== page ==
When referred to a recent report of Bloomberg Quint, there was a recorded 44.7% contribution in term deposits by fixed deposits that have tenor between 1 and 2 years. Whereas, contribution by fixed deposits over 2 years of tenor were recorded at 32%.
This data is indicative of the fact that individuals seeking such investment options are well-aware of the term benefits as they are differentiating between their preferred term deposits. Therefore, individuals looking forward to investing their money on fixed deposits can utilise FD calculator and compute maturity amount or interest availed on the deposited amount.
What is maturity amount?
Maturity amount is the amount availed by an investor after the end of lock-in period. For example, an individual has invested a sum of Rs.30,000 in a fixed deposit for 3 years at an interest rate of 7%. Then, total amount availed by that individual at the end of this period is Rs.36,751. It includes interest pay-out and is the maturity amount.
This maturity amount is calculated for entire range of tenor irrespective of the nature of interest pay-out, i.e. cumulative or non-cumulative.
How to calculate the maturity amount?
Maturity amount for fixed deposit India can be calculated by computing the value using the following formula.
A = P (1 + R/n) ^ nt
- A is a Maturity amount.
- P is the deposit amount.
- R is the rate of interest.
- n is compounded interest frequency.
- t is tenor of deposit.
An individual can either put the values in an FD calculator to compute the maturity amount or can evaluate the values themselves. Therefore, individuals must be familiar with the interest rates offered by the financial institution to them for a specific tenor range to be able to compute this value with accuracy.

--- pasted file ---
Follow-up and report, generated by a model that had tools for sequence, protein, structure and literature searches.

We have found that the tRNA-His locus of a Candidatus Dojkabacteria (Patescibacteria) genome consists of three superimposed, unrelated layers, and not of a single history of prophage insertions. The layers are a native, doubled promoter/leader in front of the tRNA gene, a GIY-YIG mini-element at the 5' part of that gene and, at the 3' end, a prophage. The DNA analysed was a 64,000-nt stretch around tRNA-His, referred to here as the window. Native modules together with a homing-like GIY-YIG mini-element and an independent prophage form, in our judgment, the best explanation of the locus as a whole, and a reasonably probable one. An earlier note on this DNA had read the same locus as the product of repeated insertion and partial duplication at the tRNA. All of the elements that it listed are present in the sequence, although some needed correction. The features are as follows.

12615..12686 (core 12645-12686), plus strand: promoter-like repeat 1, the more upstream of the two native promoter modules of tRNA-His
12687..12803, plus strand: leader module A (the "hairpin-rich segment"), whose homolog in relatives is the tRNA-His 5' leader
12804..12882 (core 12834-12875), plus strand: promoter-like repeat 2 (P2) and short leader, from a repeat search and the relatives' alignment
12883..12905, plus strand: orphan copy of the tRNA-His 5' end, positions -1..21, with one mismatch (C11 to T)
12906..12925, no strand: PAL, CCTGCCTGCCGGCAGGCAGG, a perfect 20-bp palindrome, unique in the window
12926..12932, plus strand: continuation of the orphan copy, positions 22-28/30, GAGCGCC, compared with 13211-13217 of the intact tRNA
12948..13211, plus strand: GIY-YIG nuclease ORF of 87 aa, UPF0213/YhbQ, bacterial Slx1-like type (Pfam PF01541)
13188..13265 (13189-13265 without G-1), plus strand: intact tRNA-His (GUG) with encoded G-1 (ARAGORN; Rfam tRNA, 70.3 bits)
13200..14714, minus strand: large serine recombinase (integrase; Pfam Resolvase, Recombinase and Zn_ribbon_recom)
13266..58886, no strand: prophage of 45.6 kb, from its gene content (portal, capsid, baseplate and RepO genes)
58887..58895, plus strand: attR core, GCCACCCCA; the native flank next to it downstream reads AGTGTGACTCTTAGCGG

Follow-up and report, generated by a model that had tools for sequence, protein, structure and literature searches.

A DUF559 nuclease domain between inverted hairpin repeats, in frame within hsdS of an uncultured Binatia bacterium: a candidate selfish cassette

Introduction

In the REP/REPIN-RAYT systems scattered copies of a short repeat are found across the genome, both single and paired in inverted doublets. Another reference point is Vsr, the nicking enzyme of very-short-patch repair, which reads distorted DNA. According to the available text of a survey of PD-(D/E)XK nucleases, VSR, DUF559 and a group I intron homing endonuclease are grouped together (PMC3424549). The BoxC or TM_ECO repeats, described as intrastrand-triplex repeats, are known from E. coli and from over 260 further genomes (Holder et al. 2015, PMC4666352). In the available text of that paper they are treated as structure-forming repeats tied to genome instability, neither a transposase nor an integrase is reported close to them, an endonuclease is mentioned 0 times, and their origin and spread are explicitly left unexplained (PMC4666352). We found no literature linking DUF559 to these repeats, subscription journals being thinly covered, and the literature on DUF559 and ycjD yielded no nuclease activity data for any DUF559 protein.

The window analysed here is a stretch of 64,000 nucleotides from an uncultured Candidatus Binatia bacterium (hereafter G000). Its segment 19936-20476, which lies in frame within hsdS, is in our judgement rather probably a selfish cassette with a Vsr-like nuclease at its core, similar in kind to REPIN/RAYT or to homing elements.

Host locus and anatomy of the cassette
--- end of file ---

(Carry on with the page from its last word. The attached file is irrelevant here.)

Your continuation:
For investments made on fixed deposit that have a tenor of 1 year or 12 months, maturity amount can be calculated by using the formula to compute simple interest.
Simple interest, SI = (P * r * t)/ 100.
Where P is the amount of deposit, r is the rate of interest, and t is the tenor of term deposit made.
The simple interest so calculated is the interest pay-out to an individual for 1-year fixed deposit.
To calculate the maturity amount,
A = simple interest + deposit amount.
Now, reputed financial companies provide FD calculator to customers willing to invest in a term deposit. Candidates can streamline their financial plan with Bajaj Finance FD calculator and make wise investment decisions.
Furthermore, the maturity amount calculated by making use of an FD calculator is inclusive of the interest pay-out for a term deposit. Individuals can choose for cumulative type of fixed deposits and decide to receive the interest pay-out along with the deposit amount at the end of tenor. Also, they can opt for non-cumulative type of fixed deposit and receive interest monthly, quarterly, half-yearly, or annually.
Interest pay-out = maturity amount – deposit amount.
Therefore, individuals opting for fixed deposit in India can calculate the maturity amount and interest payment beforehand and invest accordingly.
However, premature withdrawal of fixed deposits affects your interest calculation as the pay-out is now calculated on the new tenor and individuals may have to pay the penalty for this.
FD interest rates
Rate of interest for a fixed deposit varies from customer to customer depending on their type, as such
- New customers.
- Senior citizens.
Also, the rates of FDs change by the type of fixed deposit, i.e. cumulative or non-cumulative. Non-banking financial companies like Bajaj Finance provide up to 8.10% rate of interest on fixed deposits that go up to 8.35% for senior citizens.
Opportunity of stable returns makes fixed deposits a feasible option for investment. The intent of providing FD calculator to prospective consumer is to arrange for a resource that can help them gain information on the investment they are planning to make.
Individuals can provide the associated input variables to compute the maturity amount receivable at the end of the tenor, in case they have availed a cumulative fixed deposit. Non-cumulative types of fixed deposits have the same maturity amount even though the interest pay-out is received periodically as chosen.